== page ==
Nostalgia: Good or Bad?

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Hoo boy... have I got some heartstrings to tug on today. I know I said in my last entry I'd try and be more optimistic, but this may end up being a more pessimistic view of a sequence of events I experienced. So if you don't feel like being in the same emotional depressed mood that I'm kinda in, then I advise you to not venture into this entry further. I completely understand for choosing not to.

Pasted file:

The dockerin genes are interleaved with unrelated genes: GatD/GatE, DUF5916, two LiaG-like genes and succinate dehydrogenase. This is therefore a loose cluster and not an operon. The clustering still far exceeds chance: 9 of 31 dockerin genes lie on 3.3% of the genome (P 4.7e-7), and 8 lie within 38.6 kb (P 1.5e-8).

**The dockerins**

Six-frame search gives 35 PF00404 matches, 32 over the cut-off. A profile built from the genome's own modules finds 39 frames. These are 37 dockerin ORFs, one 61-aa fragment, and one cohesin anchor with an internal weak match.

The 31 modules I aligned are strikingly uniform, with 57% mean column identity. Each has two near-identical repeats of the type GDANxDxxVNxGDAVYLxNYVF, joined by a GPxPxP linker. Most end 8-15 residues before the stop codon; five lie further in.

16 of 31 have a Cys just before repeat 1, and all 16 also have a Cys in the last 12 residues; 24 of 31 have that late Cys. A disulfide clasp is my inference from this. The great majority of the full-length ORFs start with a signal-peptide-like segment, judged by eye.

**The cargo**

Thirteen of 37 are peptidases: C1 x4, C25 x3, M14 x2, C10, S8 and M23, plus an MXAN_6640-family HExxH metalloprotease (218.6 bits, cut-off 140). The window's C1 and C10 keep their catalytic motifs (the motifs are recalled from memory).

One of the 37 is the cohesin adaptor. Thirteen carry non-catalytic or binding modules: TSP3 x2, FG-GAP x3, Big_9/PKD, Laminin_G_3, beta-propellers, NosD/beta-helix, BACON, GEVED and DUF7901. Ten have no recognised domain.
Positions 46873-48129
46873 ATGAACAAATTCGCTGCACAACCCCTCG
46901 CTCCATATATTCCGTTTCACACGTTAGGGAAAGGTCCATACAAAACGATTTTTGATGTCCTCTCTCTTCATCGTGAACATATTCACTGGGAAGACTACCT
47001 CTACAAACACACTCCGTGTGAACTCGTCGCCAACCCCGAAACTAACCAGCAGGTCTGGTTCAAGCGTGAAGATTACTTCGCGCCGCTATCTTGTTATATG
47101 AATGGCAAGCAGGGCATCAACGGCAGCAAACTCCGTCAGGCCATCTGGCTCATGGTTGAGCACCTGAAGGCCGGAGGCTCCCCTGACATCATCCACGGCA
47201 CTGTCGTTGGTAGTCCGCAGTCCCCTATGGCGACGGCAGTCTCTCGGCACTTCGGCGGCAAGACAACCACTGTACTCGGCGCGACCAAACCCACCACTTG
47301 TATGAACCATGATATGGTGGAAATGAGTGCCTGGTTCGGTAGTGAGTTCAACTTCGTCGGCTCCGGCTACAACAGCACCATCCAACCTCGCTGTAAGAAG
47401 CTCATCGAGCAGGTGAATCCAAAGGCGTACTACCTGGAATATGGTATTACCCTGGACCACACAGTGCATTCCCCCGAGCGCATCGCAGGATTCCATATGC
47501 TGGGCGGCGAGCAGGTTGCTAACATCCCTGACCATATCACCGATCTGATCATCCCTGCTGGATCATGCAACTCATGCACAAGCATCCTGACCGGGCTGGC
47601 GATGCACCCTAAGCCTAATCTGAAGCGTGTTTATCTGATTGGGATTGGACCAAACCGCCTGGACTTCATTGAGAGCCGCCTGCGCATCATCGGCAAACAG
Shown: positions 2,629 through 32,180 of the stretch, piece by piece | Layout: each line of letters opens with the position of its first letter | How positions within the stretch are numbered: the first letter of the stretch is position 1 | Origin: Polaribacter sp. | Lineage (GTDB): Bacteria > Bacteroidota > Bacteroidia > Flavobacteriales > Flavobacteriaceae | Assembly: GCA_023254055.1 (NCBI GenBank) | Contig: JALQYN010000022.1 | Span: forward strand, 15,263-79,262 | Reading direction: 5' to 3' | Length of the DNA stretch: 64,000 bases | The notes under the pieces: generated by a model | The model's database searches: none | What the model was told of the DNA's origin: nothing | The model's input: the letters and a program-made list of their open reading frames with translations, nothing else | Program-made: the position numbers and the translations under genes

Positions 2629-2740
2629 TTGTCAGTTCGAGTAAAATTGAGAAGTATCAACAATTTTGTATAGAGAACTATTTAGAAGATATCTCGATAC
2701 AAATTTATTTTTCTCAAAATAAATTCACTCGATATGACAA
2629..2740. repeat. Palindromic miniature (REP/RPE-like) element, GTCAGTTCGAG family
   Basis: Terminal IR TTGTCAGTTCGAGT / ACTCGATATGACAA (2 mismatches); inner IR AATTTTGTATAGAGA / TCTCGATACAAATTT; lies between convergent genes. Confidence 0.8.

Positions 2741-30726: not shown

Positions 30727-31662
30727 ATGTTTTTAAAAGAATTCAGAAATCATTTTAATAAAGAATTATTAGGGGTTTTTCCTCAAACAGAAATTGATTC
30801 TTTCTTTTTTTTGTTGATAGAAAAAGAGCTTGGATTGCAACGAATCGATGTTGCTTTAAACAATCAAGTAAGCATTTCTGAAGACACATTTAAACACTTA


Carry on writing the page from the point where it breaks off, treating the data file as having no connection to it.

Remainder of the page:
As with all things that happen in my life, there always seems to be a story attached. A few nights ago, I saw Nickelodeon was airing the Rugrats In Paris movie on it's late 90's Are All That block. I've always been a fan of the Rugrats and I remember Rugrats In Paris being a favorite movie of mine as a child. I decided to record it onto my DVR and watch it the following day, considering my VHS copy of the movie was fucked up in certain parts since I'd like to rewind and rewatch certain parts when I was a kid. After doing a butt-load of homework for my college math class, I decided to finally unwind with the movie I recorded. It was just as great as I remembered it and it gave me a laugh and a rush of good nostalgic memories... Then Rugrats, the regular TV show, came on after the movie. As I watched just the opening sequence of one of my favorite Nick shows, I got more rush of nostalgia, but this time, not all of it was necessarily good. I don't quite know how to explain it, but I suppose it was one of those moments where I began to feel so many things my emotions went into overdrive. A lot of people say when you cry at something nostalgic, it means you miss the "good ole' days" but you soon get over it and it's simply keeping those memories cherished. I guess I experienced that and more. It certainly doesn't help that Rugrats' opening theme has such a PATHOS tone to it. Don't get me wrong, it's cute and I get it's suppose to reinforce the theme of the series being about toddlers, but cuteness mixed with emotion is a concoction for tears, whether they be for sadness or happiness. As a man, I obviously try and hold back anytime I wanna cry, especially something as innocent as remembering "good times." Hell, just writing this is making me tear up constantly. I'm listening to rocking music and watching comical media just to distract myself from crying for God's sake. I will admit that I am a very emotional person, I'm very open with my feelings and I wear my heart on my sleeve. Though I try and hide my emotions, I'm no good at it, anyone can tell I'm upset or something is bothering me from a mile away. I love talking things out with people, even if I say I don't when I'm upset. Which brings us to the next chapter of this story.